While big popular sports organizations like the NBA and eCW might be great PR for a company, it is really interesting to consider the unique healthcare needs of a sports league. The first thing that came to my mind was actually whether the teams would want to have their athletes’ health data on one platform. Often, the health of their players is part of their strategic advantage. Certainly there are a lot more rules about disclosure of injuries, but teams still play the injury card before games, in trades, and when signing new players. I imagine the staff doctors for the teams have to be careful how and what they document in the EHR if it’s going to be available to other teams. And we thought privacy was an issue in general EHR use. It’s much more complicated when you have millions of dollars riding on a player.

From a big data perspective, I’m interested to see if either of these leagues will be able to leverage the EHR data they collect in order to deal with the long term health issues of players. This is particularly true in the physically brutal NFL. I’m sure readers are familiar with the long term concussion questions and research that’s happening with the NFL. Not to mention the ongoing battle against the use of steroids and other performance enhancing drugs. Can a unified EHR help to provide a basis for research and understanding of the health consequences of playing in the NFL?

When I start to think about all the medical devices that are coming out, they’re really interesting in an NFL context as well. Imagine all the health data from various devices being sucked into the league’s EHR. When I talked with FitLinxx at the mHealth Summit, they said that the Boston Red Sox used their activity tracking device the year they won the World Series (Seems like Boston might want to consider using it again). From what they described, The Pebble (their activity tracking device) was a great way for the trainer to keep track of compliance with the fitness regiment they suggested. Should this data be in the league’s EHR? I can see health reasons to do so, but it does go back to the question of teams’ competitive advantages.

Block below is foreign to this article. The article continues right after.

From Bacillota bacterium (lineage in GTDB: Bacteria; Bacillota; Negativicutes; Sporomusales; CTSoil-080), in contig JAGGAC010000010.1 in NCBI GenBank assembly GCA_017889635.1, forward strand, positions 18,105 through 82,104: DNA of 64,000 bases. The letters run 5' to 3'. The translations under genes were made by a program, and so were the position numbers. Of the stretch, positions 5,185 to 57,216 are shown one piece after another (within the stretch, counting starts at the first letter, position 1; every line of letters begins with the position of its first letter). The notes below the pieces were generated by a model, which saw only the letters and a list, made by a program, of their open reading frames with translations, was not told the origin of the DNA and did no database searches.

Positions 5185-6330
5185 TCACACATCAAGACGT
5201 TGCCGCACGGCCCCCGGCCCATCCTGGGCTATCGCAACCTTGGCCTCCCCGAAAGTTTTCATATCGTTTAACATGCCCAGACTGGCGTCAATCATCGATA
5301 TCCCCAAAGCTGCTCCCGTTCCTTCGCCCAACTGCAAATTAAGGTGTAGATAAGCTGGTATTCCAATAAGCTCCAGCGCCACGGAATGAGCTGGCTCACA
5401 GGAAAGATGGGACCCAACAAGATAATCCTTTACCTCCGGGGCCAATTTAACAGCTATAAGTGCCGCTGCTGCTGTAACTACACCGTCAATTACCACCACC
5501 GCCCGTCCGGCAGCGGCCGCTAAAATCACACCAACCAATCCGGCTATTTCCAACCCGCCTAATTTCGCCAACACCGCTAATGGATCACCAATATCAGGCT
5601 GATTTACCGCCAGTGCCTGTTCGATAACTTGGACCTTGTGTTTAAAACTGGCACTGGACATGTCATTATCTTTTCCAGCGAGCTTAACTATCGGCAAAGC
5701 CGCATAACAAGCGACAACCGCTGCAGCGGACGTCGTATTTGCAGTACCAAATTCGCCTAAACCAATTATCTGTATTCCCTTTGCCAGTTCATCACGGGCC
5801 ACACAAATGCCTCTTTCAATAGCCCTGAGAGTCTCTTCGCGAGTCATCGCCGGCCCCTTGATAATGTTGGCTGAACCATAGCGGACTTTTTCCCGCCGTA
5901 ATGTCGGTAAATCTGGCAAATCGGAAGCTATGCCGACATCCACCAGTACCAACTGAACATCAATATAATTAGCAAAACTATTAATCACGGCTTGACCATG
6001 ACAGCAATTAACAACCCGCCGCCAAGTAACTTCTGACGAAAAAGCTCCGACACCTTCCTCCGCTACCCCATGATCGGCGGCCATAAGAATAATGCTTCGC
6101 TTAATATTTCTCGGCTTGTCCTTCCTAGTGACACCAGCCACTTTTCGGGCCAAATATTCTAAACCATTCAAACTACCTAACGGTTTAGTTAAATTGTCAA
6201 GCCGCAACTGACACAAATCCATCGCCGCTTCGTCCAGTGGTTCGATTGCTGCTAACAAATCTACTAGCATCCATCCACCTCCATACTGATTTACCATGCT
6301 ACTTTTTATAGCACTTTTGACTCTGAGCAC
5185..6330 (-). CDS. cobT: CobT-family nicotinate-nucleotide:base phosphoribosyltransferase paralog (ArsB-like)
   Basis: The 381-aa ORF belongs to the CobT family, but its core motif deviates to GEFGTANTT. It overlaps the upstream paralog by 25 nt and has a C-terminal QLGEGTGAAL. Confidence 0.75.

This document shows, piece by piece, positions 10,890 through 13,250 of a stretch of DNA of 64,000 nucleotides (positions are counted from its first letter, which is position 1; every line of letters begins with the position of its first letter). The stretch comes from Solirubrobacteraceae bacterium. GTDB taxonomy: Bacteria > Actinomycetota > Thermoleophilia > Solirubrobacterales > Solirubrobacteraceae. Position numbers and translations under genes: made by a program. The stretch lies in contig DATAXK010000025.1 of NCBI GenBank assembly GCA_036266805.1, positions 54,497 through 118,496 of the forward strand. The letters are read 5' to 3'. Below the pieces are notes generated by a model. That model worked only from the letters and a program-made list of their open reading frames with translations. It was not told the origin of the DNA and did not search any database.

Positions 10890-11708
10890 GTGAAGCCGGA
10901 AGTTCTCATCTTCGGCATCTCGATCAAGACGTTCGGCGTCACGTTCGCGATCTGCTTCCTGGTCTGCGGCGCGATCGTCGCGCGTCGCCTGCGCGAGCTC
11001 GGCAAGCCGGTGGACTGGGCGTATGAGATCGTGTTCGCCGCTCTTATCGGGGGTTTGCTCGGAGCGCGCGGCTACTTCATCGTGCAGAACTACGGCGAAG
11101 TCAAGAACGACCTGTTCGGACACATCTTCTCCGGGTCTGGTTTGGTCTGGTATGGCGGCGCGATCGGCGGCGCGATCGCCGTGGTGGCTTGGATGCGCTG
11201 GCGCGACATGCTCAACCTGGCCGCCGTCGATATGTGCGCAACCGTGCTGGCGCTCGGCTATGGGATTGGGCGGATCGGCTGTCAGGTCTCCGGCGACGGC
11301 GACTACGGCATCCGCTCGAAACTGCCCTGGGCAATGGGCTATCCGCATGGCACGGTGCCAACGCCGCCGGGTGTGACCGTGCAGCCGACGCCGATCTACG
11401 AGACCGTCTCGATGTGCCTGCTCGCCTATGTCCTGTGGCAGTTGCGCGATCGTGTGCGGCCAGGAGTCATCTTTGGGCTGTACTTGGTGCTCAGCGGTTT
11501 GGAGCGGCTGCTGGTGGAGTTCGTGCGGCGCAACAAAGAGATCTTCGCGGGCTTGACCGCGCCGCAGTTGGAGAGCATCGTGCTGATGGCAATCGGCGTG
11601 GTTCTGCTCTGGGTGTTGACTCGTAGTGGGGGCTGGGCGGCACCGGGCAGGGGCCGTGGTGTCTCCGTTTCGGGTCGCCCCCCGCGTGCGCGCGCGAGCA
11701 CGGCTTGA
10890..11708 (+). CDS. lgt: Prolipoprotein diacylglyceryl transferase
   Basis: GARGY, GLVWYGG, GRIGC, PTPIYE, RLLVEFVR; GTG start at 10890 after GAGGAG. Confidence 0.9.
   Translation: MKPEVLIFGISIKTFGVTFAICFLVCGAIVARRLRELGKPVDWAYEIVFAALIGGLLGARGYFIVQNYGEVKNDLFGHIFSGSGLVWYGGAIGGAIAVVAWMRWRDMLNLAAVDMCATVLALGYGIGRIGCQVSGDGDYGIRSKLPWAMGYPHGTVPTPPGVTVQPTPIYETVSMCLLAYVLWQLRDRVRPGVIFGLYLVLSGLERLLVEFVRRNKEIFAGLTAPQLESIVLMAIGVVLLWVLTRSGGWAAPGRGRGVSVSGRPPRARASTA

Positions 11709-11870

I bet device makers would love to compare professional athlete’s use of their devices against all of the other data that’s being collected by regular users. Would make for some pretty compelling charts if I could compare my health indicators against Lebron James or Peyton Manning.

What’s also interesting to consider about a major sports league using an EHR is a connected PHR. In these situations you want your players to be well connected to the doctor and you have a real financial interest in their compliance with doctors orders. PHR in this case could make a lot of sense. Although, I wonder if many prima donna athletes would balk at the idea. Well, at least they can have their agent or assistan log in for them.

I do wonder what special features Cerner and eCW were asked to do for the NFL and NBA. Of course, not much of it would likely be useful for the rest of us.

An Example of EHR as Database of Healthcare

Posted on December 13, 2012 I Written By